Christian Worldview

To My Catholic Brothers: Christ Is Our Rock


Shane Morris

It’s a truly tough time if you are a member of the Roman Catholic Church, and it just seems to get worse each week. A Pennsylvania grand jury report revealed systematic sexual abuse of minors and an extensive, half-century-long cover-up by clergy in that state. Former Archbishop of Washington, D.C., Theodore McCarrick, resigned because of what the Vatican deems credible allegations that he sexually abused a teenager many years ago. And now Pope Francis himself has been implicated in covering up McCarrick’s crimes since he was elected in 2013 and has refused to comment.

It seems impossible that this generational plague of abuse and cover-up, which has already cast its shadow on the Roman Catholic Church’s highest office, can be limited to Boston, Pennsylvania, and Washington, D.C., or to the several hundred priests implicated so far. American Conservative blogger Rod Dreher predicts that there will be more grand juries and more reports. Who knows what such investigations would uncover in other states and other countries? Historic Catholic strongholds like Ireland have already cooled toward their ancestral faith because of similar scandals.

For a church whose teaching has been the main intellectual bulwark against the sexual revolution, this is doubly catastrophic. Fifty years ago, Pope Paul VI’s encyclical Humanae Vitae laid out what is probably the most robust natural law case ever made against the separation of sex from procreation. The credibility of the Roman Catholic Church to make such a case rested not only on her claim to directly represent Jesus Christ, but on her self-understanding as the reformer of sex-crazed societies, beginning with the Empire and city from which she takes her name. The damage these stories do to Catholicism’s credibility as an alternative to sexual liberation is incalculable, and the flock knows it.

A quick sounding of devoted Catholic friends confirms that discouragement runs deep. Many faithful members feel, as Maggie Gallagher put it in USA Today, “disgusted, ashamed, angry, betrayed and also dirty.” She remains Catholic, she writes, because she believes it is the true faith, and because she believes “Jesus left behind not a book but a church.”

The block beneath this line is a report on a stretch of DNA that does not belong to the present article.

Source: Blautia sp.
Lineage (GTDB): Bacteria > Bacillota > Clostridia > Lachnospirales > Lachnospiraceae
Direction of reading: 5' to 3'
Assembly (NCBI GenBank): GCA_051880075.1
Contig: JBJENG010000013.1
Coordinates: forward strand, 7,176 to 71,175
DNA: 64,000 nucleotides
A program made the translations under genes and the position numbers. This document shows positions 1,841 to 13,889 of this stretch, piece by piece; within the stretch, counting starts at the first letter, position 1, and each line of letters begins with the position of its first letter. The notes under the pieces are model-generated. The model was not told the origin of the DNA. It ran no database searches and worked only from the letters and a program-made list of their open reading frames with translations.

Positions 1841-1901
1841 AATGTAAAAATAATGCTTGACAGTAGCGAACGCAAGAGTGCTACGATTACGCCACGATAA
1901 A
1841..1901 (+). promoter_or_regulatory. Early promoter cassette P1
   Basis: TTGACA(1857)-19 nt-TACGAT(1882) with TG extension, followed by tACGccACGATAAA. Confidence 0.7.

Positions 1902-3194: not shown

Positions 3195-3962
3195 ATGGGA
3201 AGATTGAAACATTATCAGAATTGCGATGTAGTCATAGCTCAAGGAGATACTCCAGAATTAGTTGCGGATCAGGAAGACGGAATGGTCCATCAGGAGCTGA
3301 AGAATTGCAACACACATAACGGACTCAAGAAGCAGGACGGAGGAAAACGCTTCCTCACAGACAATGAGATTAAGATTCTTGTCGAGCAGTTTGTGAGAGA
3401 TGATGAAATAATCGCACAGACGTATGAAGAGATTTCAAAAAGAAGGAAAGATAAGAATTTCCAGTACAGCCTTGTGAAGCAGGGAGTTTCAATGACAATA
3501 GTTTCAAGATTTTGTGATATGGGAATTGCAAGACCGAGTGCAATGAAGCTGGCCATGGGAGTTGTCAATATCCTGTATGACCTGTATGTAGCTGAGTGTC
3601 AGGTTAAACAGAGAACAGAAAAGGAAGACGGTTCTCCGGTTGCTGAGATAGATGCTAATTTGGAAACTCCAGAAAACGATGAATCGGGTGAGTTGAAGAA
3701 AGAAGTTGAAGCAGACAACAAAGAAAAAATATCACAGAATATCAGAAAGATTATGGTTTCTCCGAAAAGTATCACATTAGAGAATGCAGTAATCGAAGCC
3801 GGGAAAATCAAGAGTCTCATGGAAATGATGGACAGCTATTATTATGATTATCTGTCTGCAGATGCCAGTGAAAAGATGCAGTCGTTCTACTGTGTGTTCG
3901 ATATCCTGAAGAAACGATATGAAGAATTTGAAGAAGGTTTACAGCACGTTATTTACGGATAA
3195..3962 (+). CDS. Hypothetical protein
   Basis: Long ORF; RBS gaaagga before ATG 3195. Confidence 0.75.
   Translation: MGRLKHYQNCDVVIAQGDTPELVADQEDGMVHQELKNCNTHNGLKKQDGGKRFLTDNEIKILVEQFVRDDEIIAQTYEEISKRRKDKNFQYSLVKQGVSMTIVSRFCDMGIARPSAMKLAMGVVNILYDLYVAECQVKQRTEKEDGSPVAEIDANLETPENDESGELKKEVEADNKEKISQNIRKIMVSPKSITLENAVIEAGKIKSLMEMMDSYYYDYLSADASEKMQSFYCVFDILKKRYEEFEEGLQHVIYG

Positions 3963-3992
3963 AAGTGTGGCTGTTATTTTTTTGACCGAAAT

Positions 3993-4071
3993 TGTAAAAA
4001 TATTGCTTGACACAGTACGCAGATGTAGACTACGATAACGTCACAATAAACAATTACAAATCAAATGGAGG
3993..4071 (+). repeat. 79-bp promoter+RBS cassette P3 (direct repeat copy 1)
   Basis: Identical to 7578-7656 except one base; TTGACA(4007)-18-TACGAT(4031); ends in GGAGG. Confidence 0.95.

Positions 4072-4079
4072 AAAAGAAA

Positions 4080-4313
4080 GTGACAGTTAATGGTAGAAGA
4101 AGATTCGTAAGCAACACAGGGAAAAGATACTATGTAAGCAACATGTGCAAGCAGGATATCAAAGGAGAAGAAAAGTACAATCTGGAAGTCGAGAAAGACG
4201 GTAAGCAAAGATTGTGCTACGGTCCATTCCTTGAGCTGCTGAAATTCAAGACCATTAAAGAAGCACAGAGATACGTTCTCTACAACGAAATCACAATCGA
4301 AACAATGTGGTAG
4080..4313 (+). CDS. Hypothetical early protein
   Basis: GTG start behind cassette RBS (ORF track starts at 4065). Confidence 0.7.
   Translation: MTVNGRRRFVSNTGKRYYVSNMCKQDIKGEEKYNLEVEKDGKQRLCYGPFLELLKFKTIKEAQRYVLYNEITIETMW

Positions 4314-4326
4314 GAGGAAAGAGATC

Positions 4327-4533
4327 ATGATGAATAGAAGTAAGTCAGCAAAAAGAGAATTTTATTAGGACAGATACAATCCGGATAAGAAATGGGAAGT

This last line is worth noticing. It’s a very familiar one to Protestants who’ve done time in Internet theology purgatory, engaged in what the secular world doubtless sees as a quaint, intramural squabble: debating which side of the Reformation was right about Christianity. Of course any Christian could affirm that Jesus left behind a church, though most throughout history, including Roman Catholics, would also say that He sent His Spirit to superintend the composition of a book meant to “thoroughly equip” the man of God for every good work.

Rather, Gallagher’s reminder that Jesus bequeathed us a church “and not” a book is likely a reassurance to both fellow members, critics, and even herself that priestly scandals don’t diminish the Catholic Church’s status as an immovable rock. Things are bad, Gallagher seems to be saying, but where else will you go? Catholicism, she implies, remains a fortress against secularism–a haven of the sort Protestantism can never offer.

Pitting the Bible against the church for supremacy is a rhetorical move Catholic apologists have used for years to unsettle evangelicals. Indeed, I’ve watched many a Baptist and Presbyterian in Washington, D.C.’s well-dressed conservative circles succumb to this logic and cross the Tiber. Sola Scriptura, goes the argument, leads to doctrinal and practical chaos, because every Christian becomes a little pope, capable of reading the Bible however he or she chooses. “How do you know that what you know is really so?” ask Catholic debaters. For Protestants, the answer isn’t easy.